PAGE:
In late December 2021, it appeared a variety of factors would contribute to continued volatility in the energy sector (XLE) during 2022. At that time, it appeared 2022 would provide investors a first glimpse at “normalized” post-pandemic demand. OPEC would settle the debate over spare capacity. Capital discipline in the shale patch would reshape the cost curve. ESG investing could take a back seat to fundamentals. And “value-vs-growth” would become a tailwind to the sector for the first time in years.
While the market has gained some clarity on these factors, three new variables have been added to the equation. Namely, the Western world attempting to restrict exports from the world's largest energy exporter. An apparent shortage of refining capacity. And the largest release of strategic oil reserves in history. At the midway mark of 2022, energy investors may be feeling less certain about the path forward than they were in December. On the sellside, Goldman expects $135 Brent (CO1:COM) in 2h, and believes we are in the early innings of a super cycle. While Citi sees oil prices collapsing to $75 in 2023 and the 50s thereafter. Bank of America's oil price (USO) forecast best reflects current uncertainty, as the bank see oil going up to $150 or down to $75 in the coming year.
“The reopening that wasn't” has frustrated investors, as demand has flagged in the first half of 2022. In the US, product demand remains below 2019 levels. And with TSA passenger traffic still down double digits from 2019, several international airlines have begun to restrict capacity. Fuel shortages have popped up in several EM countries, and “recession risk” has taken center stage. While China is just now reopening from pandemic-related lockdowns, stockpiling of crude during the 2nd quarter has supported demand for seaborne crude cargoes year to date.
Conversely, the supply side of the equation has buoyed prices. While Russian sanctions have proven entirely ineffective, as Russian oil exports have grown in Q2 over Q1, capital spending discipline in the shale patch paired with underperformance from OPEC has left the market short barrels. The US has organized an historic release of strategic reserves, but even with these volumes flooding the market, OECD commercial crude inventories have continued to fall.
From a policy perspective, three major dynamics need to be monitored in the second half. China has for ~12 months meaningfully curtailed refined product exports, contributing to rising gasoline and diesel prices and creating shortages in EM. Beijing's policy decision lifts margins for refiners, something China is long, while reducing demand and prices for crude oil, something China is short. Any pivot from China could quickly lower fuel prices and lift demand for crude oil. Second, Europe is set to implement a variety of Russian energy import restrictions between now and year end; investors are likely to remain focused on energy flows, as China and India attempt to soak up the additional barrels. Finally, the announced release of strategic reserves is set to end later this year, with subsequent announcements likely if the war in Ukraine continues.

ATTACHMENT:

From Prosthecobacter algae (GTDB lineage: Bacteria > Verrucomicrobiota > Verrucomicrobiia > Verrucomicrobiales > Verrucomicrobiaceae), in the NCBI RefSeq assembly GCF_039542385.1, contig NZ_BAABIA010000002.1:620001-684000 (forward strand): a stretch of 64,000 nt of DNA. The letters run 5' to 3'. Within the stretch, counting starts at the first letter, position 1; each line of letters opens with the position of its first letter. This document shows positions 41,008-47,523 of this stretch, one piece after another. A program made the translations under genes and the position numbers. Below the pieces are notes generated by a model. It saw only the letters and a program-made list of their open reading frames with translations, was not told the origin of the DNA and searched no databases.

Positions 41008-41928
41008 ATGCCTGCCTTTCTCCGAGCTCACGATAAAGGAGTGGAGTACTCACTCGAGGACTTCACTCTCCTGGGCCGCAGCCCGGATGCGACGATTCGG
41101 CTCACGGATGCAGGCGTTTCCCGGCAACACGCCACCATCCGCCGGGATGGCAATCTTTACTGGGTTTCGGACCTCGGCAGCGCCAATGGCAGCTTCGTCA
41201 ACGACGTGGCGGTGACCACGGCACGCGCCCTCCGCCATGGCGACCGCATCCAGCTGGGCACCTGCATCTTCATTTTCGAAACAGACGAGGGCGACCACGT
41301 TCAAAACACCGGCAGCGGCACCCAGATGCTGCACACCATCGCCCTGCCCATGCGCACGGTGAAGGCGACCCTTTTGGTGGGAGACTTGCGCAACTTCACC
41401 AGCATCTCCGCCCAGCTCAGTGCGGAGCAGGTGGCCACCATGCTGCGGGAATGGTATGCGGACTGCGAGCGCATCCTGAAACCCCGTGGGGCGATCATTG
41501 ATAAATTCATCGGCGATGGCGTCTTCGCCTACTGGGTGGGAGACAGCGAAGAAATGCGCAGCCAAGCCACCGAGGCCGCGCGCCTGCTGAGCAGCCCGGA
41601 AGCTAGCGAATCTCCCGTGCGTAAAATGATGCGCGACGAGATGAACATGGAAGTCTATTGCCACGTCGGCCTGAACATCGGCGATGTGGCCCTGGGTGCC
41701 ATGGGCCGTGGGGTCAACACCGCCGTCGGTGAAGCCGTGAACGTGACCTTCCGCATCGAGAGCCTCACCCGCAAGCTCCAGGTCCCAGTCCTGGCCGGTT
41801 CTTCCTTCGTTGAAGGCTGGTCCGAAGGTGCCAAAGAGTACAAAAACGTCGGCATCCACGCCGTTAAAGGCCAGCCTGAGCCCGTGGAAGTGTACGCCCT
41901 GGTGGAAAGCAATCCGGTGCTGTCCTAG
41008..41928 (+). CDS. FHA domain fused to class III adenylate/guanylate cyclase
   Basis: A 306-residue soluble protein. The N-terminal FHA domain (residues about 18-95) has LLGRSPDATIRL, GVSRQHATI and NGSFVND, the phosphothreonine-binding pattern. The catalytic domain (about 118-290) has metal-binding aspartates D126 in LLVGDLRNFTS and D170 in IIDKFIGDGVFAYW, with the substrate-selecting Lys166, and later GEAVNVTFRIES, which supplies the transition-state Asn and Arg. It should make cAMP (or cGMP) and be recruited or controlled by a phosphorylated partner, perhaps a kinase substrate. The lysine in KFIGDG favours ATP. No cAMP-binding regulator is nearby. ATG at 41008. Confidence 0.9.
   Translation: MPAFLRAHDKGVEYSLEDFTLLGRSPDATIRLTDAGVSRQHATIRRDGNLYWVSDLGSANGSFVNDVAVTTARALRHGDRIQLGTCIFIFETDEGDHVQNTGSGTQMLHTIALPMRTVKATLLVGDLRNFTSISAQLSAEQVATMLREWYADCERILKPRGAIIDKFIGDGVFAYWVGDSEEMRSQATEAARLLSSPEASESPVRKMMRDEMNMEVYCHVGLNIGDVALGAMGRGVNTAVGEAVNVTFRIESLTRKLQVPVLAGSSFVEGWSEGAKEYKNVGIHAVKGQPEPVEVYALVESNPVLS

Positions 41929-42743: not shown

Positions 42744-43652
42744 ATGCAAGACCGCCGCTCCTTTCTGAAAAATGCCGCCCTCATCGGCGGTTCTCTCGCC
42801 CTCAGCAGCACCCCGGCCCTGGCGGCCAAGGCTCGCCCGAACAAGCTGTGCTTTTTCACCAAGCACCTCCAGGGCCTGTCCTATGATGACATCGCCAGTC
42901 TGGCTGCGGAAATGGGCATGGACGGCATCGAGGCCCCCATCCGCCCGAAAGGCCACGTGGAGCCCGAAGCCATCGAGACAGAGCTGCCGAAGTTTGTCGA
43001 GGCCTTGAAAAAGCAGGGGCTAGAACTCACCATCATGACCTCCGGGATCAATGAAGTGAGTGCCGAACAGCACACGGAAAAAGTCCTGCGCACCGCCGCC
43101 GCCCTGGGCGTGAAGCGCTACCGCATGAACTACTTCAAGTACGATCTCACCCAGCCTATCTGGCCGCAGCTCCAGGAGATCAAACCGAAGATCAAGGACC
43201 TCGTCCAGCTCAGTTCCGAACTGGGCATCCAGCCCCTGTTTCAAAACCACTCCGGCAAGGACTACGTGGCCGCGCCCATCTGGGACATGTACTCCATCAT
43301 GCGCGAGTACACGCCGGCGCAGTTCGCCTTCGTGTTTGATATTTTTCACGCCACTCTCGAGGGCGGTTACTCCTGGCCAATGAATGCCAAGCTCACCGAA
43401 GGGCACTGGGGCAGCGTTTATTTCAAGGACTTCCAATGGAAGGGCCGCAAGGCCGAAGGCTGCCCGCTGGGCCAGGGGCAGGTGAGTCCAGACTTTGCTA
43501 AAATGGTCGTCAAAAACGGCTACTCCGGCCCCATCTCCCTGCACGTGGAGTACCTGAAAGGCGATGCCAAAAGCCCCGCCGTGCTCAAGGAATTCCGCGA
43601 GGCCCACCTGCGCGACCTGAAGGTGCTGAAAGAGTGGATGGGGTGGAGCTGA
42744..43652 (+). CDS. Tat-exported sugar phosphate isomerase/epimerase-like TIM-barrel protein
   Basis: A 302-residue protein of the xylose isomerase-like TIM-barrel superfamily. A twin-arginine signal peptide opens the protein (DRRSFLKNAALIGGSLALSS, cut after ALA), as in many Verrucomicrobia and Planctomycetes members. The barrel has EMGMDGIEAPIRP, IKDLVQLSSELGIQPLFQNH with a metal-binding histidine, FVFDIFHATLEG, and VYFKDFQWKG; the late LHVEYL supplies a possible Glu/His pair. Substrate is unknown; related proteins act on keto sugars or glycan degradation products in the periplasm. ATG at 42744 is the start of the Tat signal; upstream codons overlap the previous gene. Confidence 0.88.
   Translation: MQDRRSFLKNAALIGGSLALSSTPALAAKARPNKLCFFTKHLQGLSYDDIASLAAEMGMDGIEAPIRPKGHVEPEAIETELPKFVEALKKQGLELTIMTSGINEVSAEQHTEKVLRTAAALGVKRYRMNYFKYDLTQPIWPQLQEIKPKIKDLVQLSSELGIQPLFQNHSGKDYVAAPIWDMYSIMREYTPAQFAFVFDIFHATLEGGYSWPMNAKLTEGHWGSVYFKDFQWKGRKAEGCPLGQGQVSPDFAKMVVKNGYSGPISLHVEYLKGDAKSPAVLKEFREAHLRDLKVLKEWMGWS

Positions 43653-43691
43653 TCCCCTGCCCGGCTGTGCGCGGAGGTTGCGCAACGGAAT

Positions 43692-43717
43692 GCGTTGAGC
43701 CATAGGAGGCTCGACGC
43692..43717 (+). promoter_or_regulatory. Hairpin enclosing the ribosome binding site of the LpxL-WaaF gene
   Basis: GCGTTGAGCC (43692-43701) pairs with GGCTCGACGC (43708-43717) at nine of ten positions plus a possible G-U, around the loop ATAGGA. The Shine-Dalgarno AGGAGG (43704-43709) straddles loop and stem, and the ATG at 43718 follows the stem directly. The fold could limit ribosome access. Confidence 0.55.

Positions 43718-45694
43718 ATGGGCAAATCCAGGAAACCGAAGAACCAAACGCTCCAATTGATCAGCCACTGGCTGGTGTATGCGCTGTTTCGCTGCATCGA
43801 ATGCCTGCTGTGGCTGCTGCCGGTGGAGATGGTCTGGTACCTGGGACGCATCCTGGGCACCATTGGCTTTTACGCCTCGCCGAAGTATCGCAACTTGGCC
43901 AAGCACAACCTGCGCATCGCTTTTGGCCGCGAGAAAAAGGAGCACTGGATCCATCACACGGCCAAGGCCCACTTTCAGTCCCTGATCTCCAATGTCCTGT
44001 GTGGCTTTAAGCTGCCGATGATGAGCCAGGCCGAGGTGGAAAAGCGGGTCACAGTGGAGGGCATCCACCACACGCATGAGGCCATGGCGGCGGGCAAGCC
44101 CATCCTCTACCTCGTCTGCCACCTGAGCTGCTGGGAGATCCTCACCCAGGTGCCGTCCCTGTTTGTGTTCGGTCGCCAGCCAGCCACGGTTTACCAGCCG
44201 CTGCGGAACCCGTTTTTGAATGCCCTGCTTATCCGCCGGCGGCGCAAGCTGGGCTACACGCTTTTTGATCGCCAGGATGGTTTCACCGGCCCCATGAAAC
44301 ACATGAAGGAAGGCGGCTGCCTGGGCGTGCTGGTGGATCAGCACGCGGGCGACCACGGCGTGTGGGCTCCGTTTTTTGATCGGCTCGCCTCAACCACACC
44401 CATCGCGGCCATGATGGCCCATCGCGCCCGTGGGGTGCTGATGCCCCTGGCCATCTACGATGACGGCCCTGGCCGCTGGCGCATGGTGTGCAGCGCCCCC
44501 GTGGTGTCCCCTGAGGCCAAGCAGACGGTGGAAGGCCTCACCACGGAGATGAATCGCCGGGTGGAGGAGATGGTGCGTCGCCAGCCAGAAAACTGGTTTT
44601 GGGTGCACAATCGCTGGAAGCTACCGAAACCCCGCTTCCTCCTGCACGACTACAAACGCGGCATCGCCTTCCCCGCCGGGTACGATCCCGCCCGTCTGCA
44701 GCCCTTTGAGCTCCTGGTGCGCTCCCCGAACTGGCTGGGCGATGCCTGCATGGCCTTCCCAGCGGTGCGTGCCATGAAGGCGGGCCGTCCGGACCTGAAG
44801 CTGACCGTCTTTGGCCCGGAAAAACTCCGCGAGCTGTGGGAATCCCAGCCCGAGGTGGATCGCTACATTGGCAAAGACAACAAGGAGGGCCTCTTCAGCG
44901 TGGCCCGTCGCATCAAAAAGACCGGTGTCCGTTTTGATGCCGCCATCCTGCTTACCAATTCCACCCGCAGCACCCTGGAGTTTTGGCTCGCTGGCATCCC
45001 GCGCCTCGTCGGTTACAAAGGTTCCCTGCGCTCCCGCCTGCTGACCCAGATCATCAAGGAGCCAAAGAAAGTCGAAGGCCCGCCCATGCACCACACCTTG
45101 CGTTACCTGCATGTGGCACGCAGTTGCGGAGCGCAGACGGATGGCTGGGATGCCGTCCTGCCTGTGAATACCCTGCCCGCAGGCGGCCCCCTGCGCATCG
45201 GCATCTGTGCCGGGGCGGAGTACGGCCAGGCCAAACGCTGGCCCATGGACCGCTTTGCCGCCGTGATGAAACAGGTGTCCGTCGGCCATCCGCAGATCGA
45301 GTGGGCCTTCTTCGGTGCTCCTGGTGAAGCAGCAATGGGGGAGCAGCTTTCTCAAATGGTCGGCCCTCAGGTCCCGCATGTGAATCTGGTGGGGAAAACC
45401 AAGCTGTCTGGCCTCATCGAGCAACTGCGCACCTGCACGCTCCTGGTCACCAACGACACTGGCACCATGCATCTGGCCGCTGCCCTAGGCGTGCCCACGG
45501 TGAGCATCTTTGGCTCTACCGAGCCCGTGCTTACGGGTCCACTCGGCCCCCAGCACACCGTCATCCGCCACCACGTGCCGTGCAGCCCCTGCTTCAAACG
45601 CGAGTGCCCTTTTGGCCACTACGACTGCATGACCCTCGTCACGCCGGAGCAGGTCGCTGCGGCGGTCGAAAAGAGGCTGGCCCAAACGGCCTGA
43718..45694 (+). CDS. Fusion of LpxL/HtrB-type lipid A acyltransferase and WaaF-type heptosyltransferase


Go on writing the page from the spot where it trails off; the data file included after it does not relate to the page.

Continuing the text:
On the fundamental side, there are a few key levers that could impact supply / demand balances into year end. Along with Q2 earnings, investors will get incremental insight into shale spending and growth plans. While Q1 brought reduced near-term guidance for many producers, elevated prices offset by disrupted supply chains could bring about altered 2h guides. And although investors have much more clarity into OPEC spare capacity now than they did in late 2021, analysts are sure to remain focused on the upcoming OPEC+ meeting. As the July meeting marks the end of the official pandemic response from the cartel.
Taken together, energy investors are in a good place at this moment in time. Oil (USO), gas (UNG), LNG (LNG), and refined product (CRAK) prices are all elevated by historical standards. Most companies in the sector are set to report record Q2 earnings, and most trade at historically discounted valuations. Capital allocation strategies are favorable to shareholders, for the first time in years. The sector appears to have been let out of the ESG penalty box, and Wall Street's aversion to “value stocks” has waned with rising interest rates. If nothing changes in commodity markets between June 2022 and year end, energy investors are likely to see strong share price performance.
In December 2021, the year ahead promised increased volatility. And the 2h promises more of the same, with war in Ukraine, recession risk, and China policy all sure to impact the sector. But as investors bridge from the current favorable environment to a more uncertain year end environment, its worth keeping one thing in mind. Commodities require capital investment to balance markets. Historically, energy cycles have ended when capital spending and technologic breakthroughs released millions of barrels onto the market. In the 1980s, North Sea production flooded markets (SHEL). In the 1990s, Gulf of Mexico production (CVX) oversupplied the world's growing demand. In the last decade, the shale revolution crushed prices (XOM). However, unlike those periods, there is a distinct lack of investment in supply currently. Whether a result of energy transition concerns, or windfall taxes, energy supply / demand fundamentals are on track to show improvement over the medium term, despite a period of heightened volatility in coming months.
Originally published on SeekingAlpha.com